Bedding The Chinchilla Villa


Well-known member
Jan 6, 2021
Okay, I almost have enough money for the entire Chinchilla Villa!

For those of you who don't know, the Chinchilla Villa will be a large wooden cage for my little dude Pedro. I'm gonna have tons of cool ledges and huts, a feeding area, and more. I will also have 2 or 3 smaller cages, probably with only 2 stories. One will be one story and built for dust baths. The cages will be connected through a system of tunnels, which I will also be building. The tunnels will have little doors so I can get to my chinchillas any time I need to and so I can clean easier.

Now, with a complex cage like this, fleece is going to suck. Think about how difficult it'll be to attach the fleece to the main cage, the tunnels, and the smaller cages. It's gonna be hell. So I was thinking about using bedding from a pert store.

Now, I know lots of people are in favor of fleece rather than bedding. And there's got to be more to it than the fact that it's easy to take off and chuck in the washer. I also know that certain bedding is bad for chinchillas. But what bedding isn't?

I've heard good things about CareFresh Ultra bedding. I've been thinking about getting it for the Chinchilla Villa. But I'm no expert. If anybody wants confirmation, I don't have time to make a list that long. Just look at other threads I've posted. So, do you guys know what bedding is easy to use for cleaning the cages, safe for my chinchillas, and is nice and comfy for them?


Staff member
May 7, 2012
Carefresh, as well as other paper, are not safe for chins since they are designed to expand when wet so if they chin eats it, it can cause a blockage and kill the chinchilla. Pellet bedding of any kind is also not safe for the same reason. The only bedding (not counting fleece) that is safe to use is aspen shavings or kiln dried pine shavings, and some people are no longer recommending the pine because it can cause respiratory issues. That being said, I used kiln dried pine for my animals for over 20 years without a problem. The main reasons I switched to aspen are it has less of a smell and doesn't bother my allergies like the pine did, I also find it less dusty then pine but it apparently varies between brands. Both aspen and kiln dried pine shavings are digestible and don't expand so it's safe for chins to chew and even eat some of them.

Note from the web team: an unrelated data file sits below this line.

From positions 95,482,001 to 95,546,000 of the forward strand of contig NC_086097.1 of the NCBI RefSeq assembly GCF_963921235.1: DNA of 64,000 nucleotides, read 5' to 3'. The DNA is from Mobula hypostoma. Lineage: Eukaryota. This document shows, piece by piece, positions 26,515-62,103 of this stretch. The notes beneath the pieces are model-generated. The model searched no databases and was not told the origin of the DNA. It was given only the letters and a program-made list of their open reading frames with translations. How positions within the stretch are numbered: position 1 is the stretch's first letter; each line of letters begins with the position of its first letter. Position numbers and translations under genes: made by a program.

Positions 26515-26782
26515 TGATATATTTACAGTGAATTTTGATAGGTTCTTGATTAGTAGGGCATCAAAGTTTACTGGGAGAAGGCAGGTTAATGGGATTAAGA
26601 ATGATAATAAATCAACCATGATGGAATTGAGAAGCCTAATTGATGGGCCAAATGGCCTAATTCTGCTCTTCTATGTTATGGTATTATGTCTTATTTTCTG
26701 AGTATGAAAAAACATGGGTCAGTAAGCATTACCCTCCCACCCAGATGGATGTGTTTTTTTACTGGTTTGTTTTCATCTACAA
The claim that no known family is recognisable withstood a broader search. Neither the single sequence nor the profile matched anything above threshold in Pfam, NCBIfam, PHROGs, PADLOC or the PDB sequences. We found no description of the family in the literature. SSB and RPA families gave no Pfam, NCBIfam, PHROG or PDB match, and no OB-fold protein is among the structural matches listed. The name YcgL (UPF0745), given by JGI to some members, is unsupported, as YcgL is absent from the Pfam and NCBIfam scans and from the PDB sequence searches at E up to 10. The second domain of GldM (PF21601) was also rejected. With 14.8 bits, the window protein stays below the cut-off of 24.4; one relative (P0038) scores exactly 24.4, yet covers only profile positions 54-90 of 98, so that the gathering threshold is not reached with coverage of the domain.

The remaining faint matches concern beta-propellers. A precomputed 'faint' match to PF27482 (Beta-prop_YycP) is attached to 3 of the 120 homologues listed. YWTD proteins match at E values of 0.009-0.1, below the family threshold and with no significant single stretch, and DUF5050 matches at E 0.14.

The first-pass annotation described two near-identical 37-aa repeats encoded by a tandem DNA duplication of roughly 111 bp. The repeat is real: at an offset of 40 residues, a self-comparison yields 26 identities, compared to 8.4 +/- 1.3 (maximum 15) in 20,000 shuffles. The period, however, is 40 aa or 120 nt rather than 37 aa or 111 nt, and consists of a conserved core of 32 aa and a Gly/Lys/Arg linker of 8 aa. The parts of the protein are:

The tunnels I wouldn't think would need bedding, they normally don't pee as they are walking (just poop) so the tunnels might be easier to just leave empty so you can just vacuum out the poops. So really you would just be needing bedding in the cages, I guess it really comes down to how the cages are made but I find fleece liners to be way easier and less of a mess then using shavings for the whole cage (I just have aspen shavings in a litter box).

I don't really feel like going through all the posts right now, but just in case I haven't mentioned it, if your chin ever gets ringworm everything wood will need to be thrown away, that includes the cage if the cage is made of wood. It may never happen, but it is something to keep in mind.